Since we only spent part of the day at Cheekwood (two hour drive each way) we didn't see it all. They have at least 14 individual types of gardens and a mile-long sculpture walk. The Japanese-style garden has an unbelievable bamboo corridor that puts you in a completely different world. Each and every garden has a theme and is designed to look good from every viewpoint (just like my yard, yeah ~ right). A lot of money goes a l-o-n-g way.
The mansion is no longer used as a residence but was donated to the community by the Cheekwood family in 1960. So now the house is an art museum. They were currently displaying a collection of Faberge eggs. Knick knacks not being my cup of tea, but still impressive.
So if you get the chance and are in the Nashville area, do go. The gardens were still awesome in October, so can you picture June? The $10 price of admission is worth the experience. Oh, and all plants are labeled ~ there were a LOT I didn't recognize (Zone 7).
SO ........ only four more MG classes to go. Big test on 11/15 ~ wish me luck!!
Conflict? What conflict?? We ain't got no steeeenkin' conflict!!! Then why-o-why were we subjected to an hour-long lecture on how to deal with conflict in human relations? Gardening and WHAT??
Now I realize that the program is new in our area, but I am still puzzling over what gardening and conflict have in common. My only issues are with weeds and grass, oh ~ and Japanese beetles ~ now THAT'S conflict. So what did I learn? How to deal with an angry Master Gardener who got left off of the tour bus.
Well, here I go sounding negative again, and that is entirely NOT my intent. I am really meaning to be funny and I always love to look at the humorous side of things. Sometimes that involves making presentations appear silly, but in truth, the talk was very informative and reminded me a lot of real life. Although I have little to no conflict in my life (not because I strive to avoid it, but simply because I don't care what people do) the whole speech made me feel sorry for people who have to deal with it on a daily basis. My hat is off to those of you conflict-dealers and I hope digging in the dirt soothes your soul.
Speaking of presentations, today was the day. We each had to give a five-minute talk on a topic inspired by an extension office brochure. I chose hummingbirds. Since my nickname is "Machine-Gun Kelly" (for my 90mph speech pattern), I couldn't figure out how for the life of me I was going to fill up five whole minutes. In seventh grade, I was required to repeat an entire speech (tres humiliation) because the teacher said I spoke so fast, no one got a word out of it. With this ages-old lesson in mind, I made an attempt to s-p-e-a-k v-e-r-y s-l-o-w-l-y and DING ~ the bell went off before I even finished my thoughts. Whew ~ glad that's over with because it was a mandatory part of the course.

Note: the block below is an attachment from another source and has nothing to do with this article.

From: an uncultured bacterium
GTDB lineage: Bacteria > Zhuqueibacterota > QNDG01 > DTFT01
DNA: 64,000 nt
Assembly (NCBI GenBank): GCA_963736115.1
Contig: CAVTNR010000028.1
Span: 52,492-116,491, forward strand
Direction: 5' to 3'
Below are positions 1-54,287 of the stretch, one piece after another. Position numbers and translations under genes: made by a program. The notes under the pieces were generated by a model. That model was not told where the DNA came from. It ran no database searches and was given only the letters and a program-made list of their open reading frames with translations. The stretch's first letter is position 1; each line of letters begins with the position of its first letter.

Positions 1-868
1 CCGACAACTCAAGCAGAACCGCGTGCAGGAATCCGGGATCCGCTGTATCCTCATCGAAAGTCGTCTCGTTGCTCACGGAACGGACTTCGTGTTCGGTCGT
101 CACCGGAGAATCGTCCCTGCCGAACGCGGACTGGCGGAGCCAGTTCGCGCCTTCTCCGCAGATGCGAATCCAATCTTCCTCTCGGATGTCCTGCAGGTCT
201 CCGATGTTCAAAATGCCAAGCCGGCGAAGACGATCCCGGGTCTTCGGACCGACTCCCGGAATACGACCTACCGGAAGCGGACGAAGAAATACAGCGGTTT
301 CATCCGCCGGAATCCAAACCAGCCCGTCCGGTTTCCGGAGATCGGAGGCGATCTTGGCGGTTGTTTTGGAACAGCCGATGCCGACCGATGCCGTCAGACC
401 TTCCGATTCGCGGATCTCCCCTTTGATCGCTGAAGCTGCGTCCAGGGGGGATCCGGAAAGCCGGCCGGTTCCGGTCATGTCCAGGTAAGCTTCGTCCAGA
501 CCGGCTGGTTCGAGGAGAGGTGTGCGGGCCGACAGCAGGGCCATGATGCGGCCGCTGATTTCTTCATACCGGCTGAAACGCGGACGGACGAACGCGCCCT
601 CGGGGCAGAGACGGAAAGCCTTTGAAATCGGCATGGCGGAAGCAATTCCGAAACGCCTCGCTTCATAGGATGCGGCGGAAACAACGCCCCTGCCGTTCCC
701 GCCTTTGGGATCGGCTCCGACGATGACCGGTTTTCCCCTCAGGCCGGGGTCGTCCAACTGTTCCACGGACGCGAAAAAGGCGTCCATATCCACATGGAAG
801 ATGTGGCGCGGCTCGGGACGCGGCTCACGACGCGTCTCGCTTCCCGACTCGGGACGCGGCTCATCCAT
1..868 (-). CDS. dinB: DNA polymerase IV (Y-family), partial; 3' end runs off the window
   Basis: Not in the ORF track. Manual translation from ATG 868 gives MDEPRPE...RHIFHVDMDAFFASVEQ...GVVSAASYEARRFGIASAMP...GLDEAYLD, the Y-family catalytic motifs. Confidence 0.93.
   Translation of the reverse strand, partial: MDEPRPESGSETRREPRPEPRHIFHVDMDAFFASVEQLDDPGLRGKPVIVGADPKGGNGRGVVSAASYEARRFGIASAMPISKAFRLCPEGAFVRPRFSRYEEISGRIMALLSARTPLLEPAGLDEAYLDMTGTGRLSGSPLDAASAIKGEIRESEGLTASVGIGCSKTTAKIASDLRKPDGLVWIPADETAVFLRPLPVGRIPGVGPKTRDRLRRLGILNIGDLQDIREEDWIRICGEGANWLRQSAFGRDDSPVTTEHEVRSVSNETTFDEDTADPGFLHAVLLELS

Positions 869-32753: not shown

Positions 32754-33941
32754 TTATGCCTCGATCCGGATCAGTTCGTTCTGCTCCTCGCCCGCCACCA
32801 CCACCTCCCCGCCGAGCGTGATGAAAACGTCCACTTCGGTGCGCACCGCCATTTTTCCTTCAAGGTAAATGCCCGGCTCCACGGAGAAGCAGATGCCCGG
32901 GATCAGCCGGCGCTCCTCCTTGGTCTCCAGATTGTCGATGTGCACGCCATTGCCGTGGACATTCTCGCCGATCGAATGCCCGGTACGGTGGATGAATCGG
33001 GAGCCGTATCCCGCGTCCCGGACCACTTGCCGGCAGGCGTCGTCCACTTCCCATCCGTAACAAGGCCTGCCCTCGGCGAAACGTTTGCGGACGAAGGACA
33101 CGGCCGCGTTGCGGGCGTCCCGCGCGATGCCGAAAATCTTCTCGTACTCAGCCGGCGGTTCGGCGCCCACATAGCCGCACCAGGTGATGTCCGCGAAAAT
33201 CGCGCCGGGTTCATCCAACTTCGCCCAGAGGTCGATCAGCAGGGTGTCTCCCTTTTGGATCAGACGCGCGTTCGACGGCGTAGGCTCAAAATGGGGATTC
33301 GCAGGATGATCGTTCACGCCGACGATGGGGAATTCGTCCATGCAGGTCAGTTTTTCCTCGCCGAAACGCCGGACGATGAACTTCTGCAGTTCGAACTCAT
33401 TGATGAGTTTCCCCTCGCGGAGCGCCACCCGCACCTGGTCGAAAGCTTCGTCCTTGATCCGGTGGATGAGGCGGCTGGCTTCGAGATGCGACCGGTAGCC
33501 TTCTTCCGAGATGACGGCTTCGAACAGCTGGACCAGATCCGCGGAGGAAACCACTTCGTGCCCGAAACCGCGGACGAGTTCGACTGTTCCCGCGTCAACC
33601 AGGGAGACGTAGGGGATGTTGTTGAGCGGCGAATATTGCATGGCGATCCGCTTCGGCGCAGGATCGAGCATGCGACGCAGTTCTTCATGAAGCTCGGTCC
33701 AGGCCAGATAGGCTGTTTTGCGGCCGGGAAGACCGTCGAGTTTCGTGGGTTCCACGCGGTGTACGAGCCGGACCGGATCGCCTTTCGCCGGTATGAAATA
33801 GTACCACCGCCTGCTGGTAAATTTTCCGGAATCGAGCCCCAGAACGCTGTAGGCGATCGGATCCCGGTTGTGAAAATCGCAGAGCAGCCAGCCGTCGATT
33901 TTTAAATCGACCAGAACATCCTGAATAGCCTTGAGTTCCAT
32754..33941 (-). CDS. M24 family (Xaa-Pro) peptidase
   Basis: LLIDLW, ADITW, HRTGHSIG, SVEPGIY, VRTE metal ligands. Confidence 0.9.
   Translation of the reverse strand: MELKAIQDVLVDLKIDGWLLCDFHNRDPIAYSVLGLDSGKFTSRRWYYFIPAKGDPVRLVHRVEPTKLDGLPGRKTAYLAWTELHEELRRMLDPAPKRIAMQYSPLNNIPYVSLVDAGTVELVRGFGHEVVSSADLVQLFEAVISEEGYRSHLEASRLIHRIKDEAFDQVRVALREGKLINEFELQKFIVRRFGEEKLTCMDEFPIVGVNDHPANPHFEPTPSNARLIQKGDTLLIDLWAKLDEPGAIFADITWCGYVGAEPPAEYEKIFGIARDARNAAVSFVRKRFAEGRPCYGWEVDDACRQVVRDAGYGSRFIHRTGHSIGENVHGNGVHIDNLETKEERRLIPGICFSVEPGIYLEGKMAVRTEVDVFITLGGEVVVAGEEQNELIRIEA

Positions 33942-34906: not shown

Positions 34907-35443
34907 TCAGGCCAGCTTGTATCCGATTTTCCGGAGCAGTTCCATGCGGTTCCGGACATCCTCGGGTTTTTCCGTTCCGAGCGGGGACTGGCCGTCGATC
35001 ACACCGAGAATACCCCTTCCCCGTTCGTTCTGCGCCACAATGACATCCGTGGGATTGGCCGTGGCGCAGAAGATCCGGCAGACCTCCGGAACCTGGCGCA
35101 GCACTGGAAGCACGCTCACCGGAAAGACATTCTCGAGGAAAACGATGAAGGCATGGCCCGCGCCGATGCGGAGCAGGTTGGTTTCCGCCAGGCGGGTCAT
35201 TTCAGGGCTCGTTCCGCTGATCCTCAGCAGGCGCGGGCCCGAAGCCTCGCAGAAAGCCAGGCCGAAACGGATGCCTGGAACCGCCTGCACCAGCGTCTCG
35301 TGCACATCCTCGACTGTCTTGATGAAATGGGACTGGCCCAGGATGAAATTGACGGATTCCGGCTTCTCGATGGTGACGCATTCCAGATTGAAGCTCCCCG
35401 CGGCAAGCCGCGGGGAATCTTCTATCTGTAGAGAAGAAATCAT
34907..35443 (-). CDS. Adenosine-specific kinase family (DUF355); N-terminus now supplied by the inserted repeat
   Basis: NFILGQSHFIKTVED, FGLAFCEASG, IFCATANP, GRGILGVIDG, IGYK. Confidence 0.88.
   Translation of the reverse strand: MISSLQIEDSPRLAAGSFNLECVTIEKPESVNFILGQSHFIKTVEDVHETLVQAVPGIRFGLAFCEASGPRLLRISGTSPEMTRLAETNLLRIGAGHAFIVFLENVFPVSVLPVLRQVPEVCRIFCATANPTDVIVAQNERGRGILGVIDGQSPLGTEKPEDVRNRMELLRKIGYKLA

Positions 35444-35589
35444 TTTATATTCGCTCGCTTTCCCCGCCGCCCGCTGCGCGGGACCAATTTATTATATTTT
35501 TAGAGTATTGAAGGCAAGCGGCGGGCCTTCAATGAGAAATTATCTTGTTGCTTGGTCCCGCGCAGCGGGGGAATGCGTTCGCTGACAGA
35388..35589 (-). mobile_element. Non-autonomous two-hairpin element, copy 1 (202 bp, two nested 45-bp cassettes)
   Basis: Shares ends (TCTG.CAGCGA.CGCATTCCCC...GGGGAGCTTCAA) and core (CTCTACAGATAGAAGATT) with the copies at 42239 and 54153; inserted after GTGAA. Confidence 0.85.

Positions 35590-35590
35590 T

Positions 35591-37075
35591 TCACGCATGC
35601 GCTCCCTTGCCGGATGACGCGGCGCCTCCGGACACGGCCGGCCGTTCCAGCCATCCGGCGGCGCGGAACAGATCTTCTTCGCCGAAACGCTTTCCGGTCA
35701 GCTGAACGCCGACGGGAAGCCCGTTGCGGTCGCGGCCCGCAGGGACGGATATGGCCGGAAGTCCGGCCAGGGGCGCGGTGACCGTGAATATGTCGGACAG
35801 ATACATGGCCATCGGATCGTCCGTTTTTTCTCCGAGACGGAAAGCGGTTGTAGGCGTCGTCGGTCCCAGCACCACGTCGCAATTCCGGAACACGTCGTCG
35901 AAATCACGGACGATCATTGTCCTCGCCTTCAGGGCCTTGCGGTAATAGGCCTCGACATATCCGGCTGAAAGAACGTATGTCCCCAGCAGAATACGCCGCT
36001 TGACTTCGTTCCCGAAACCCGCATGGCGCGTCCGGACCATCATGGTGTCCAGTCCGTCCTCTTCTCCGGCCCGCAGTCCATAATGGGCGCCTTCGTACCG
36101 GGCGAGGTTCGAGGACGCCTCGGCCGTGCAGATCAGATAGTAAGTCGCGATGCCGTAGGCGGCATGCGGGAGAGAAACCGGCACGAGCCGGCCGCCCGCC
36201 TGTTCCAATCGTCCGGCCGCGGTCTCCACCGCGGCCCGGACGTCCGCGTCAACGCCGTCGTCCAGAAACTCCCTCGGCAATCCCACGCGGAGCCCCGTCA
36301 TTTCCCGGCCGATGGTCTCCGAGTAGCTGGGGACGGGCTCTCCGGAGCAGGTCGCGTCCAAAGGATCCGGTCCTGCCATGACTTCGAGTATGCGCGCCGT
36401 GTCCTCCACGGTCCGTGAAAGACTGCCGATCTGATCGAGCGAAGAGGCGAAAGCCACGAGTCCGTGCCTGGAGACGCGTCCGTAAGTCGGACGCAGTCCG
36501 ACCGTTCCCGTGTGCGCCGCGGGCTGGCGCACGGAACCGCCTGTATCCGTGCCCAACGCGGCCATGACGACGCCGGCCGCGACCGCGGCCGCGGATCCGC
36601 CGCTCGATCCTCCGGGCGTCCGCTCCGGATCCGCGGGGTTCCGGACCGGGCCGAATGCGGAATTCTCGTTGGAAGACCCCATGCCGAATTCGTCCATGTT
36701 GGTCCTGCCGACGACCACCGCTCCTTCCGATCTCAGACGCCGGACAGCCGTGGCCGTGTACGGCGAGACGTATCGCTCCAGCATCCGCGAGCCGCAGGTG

In other news ~ it's COLD!! Nights are heading into the 40's and days are still in the 70's. Great fall clean up weather. The hummers are gone for the year (sob) so feeders are down, cleaned and stored. Time for the Canfield Experimental Garden site preparation. Every fall, I prepare a new bed and plant ALL the seeds that I have received in swaps with you-all and others. Seeds that I want to overwinter outdoors are planted and labelled, and in the spring ............ can't wait!!!
Oh boy howdy, this was (and I am being polite here) dull.
To give credit where it is due, the instructor is famous for his work in plant pathology ~ one of the nation's best in fact. But that doesn't make every brown spot on every piece of fruit an exciting adventure. Poor man ~ he was SO enthusiastic. At many points, it was all he could do to move on to the next slide because the one at hand was just so chock-full of dazzling potential. As much as I hate to say that if you've seen one brown spot, you've seen them all, that's what it was beginning to feel like after three solid hours of brown spots.
Given the mind-numbing white noise of this topic, this girl is determined to learn at least the basics. How else will I be able to help those poor pest-ridden gardeners of Marshall County? They are depending on me to get them through the worst of it. Unfortunately, the answer and cure to many, many icky-looking diseases with urpy-sounding names like gall, blight and rot, is to simply get rid of the infected plant and start anew. Not what the home gardener wants to hear. Another deeply held secret is to not buy sickly looking plants in the first place (guilty).
Of some interest to all you gardeners will be the world-famous "disease triangle". The more I thought about this neat little object, the more I can see the sense in it. In short, you cannot and will not have disease on plants without the three "legs" of the triangle: 1) a susceptible host, 2) a pathogen, 3) the proper environment. If you have all three of these, someone's going down. But if even one is missing, you are winning the war. There now, don't you feel all smart and stuff?!
So despite my drooping eyelids and a class that exceeded its 3-hour limit, I feel like a stray thread of information may have worked its way into my already-crammed mind. Like I mentioned to a fellow student, at this stage of the game, I adhere to selective learning (as in only what I have an interest in), almost as if my mind knows that it doesn't have a whole heck of a lot of time to deal with knowledge it doesn't want and won't use.
Oh ~ I did learn one thing that I absolutely refuse to agree with and probably won't practice. Don't save and/or swap seeds ~ NOT!!! According to the pros, they can spread disease far and wide. That's like saying don't go to Walmart in case you get a cold. Saving seeds, swapping and trading both plants and seeds is one of my greatest joys and I refuse to give that up. It's a risk I'm willing to take ~ sue me.